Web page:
Advent 1, Year C, 2006

Today marks the first Sunday of Advent-the liturgical time of the year during which we wait, with eager anticipation, for God to enter the world.

This waiting has been happening for a long time and will continue for a long time.  And, as Christians, we become those who wait.  We wait for God to come back, to usher in a time and justice and peace.

Throughout history there have been those whose most important roles in life have been to actively wait for God, and to prepare those around them to meet God.

The prophet Jeremiah is one of those people.  He was a prophet, who for forty years, warned his society about the ways they were straying from God.  He lived in a tumultuous time, about six hundred years before Christ came into the world.  During his time as a prophet, Jerusalem, which had been ruled by kings in the line of King David, was invaded by the Babylonians.  They removed the rightful king, and replaced him with a puppet king named Zedekiah.  All went according to the Babylonians’ plan for awhile, but  eventually Zedekiah was convinced by the people of Jerusalem to rebel and he did, but was crushed by the Babylonians. 

The people of Jerusalem were devastated and they prayed that God would free them from his captors.  Babylonia was not the only powerful nation of the time, and soon the Egyptian army marched to the area.  The Babylonians backed off of Jerusalem and the people of Jerusalem were thrilled!  Their prayers had been answered!  God had delivered them!

Jeremiah had the unpleasant job to tell them to hold onto their horses for a minute.  He warned them this break was just a reprieve, and he was right.  In the year 586 BC Jerusalem fell to Babylon again. 

The words Jeremiah speaks in our passage today are spoken after Jerusalem has fallen.  Strangely, they are words of hope, not what you would expect in the middle of such dire circumstances. Before our passage today, Jeremiah explains that God has hidden his face from Jerusalem because of its inhabitants’ wickedness.  But his words don’t end there.  Jeremiah describes to his listeners a vision of a restored Jerusalem in which its inhabitants will experience security and abundance.  He speaks of life replacing the desolation that currently describes the town.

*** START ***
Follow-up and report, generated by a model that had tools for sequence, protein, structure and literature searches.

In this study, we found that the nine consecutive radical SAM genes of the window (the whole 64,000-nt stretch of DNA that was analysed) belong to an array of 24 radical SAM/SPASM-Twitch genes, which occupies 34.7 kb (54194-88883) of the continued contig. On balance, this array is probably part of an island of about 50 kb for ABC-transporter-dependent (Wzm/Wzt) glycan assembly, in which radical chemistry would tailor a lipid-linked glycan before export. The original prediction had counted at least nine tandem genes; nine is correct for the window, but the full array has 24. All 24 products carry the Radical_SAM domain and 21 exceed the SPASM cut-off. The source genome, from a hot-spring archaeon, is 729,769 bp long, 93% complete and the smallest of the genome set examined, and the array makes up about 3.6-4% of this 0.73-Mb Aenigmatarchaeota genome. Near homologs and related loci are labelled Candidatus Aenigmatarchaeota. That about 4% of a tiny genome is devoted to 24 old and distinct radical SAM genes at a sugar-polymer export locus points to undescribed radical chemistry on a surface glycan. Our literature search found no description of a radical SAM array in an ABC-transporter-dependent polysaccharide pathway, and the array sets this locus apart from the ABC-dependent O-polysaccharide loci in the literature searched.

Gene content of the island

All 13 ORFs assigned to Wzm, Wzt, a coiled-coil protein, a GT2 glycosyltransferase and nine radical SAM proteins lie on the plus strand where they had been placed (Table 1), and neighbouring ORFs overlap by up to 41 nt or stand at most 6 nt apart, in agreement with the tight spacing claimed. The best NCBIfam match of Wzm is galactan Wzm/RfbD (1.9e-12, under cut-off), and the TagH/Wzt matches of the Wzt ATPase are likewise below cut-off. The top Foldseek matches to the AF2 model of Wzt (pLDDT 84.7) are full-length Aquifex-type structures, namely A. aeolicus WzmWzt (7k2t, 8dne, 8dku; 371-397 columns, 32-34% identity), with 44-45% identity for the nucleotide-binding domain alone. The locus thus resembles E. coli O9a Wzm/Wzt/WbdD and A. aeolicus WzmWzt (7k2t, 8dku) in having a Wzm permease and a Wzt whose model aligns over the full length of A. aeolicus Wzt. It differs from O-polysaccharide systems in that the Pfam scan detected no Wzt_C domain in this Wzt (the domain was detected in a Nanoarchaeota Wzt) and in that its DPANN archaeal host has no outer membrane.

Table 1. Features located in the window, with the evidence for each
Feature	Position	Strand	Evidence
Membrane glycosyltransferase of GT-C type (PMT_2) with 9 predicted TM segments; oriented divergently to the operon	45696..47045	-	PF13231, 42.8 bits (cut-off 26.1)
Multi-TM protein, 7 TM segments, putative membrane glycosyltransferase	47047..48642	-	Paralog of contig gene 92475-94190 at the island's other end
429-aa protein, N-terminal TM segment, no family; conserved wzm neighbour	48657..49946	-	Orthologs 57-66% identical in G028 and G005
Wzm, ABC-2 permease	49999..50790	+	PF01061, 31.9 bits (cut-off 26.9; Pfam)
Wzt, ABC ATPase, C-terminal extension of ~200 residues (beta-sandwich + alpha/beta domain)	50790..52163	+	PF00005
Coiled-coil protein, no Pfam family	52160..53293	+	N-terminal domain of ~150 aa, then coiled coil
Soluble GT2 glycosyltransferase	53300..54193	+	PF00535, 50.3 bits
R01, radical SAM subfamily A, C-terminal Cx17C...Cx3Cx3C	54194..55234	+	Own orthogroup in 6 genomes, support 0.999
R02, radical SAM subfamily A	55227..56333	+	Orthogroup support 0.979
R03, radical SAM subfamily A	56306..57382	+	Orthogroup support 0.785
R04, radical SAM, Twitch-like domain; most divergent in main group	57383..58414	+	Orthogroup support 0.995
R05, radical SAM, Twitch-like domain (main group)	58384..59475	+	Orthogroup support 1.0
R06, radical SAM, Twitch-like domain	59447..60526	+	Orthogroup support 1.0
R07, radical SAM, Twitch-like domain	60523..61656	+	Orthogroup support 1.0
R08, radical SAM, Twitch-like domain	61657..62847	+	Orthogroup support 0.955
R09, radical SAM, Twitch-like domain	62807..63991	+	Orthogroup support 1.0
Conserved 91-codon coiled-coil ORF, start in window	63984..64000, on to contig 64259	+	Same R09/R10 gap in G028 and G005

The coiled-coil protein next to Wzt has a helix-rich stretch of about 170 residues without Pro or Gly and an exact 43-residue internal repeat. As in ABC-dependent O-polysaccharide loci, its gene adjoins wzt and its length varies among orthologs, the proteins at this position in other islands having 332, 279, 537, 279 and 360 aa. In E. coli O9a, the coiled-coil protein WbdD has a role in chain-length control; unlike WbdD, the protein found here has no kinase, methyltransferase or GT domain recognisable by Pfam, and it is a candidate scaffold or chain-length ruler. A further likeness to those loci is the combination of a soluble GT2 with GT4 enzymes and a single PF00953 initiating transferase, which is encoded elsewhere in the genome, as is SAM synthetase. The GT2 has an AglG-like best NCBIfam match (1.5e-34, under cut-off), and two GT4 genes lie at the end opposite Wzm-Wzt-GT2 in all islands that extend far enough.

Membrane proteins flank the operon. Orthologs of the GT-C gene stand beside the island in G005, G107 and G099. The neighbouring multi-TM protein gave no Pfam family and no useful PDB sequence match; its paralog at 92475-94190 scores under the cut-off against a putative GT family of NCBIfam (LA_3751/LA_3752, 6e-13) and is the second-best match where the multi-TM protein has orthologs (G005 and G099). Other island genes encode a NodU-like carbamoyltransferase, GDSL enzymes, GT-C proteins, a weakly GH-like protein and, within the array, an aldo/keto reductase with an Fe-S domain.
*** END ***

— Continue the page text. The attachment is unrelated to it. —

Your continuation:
In our passage today, Jeremiah speaks specifically of the righteous Branch of David who will execute justice and righteousness in the land.  Righteousness is a key term here.  Remember the figurehead king we discussed earlier? The word for righteousness in Hebrew is Zedek, and the king’s name is Zedekiah.  Unfortunately, this king could not live up to his name.

So, when Jeremiah speaks of a righteous Branch of David, he is specifically contrasting this image of an upright leader with the image of Zedekiah, a corrupt leader.  Righteous not only means just, as we think of it today, it also has connotations of being right-of conforming to norms and expectations.  So, the Branch of which Jeremiah speaks will not be grafted in, as Zedekiah was by the Babylonians, it will be a Branch of the true line of kings-the line of David.  But, this branch will also be righteous in the sense of being holy and aligned with God.  This branch will conform both to lineage and to God’s standards for kingship-being just and merciful.  In fact, this Branch of David will be called righteousness.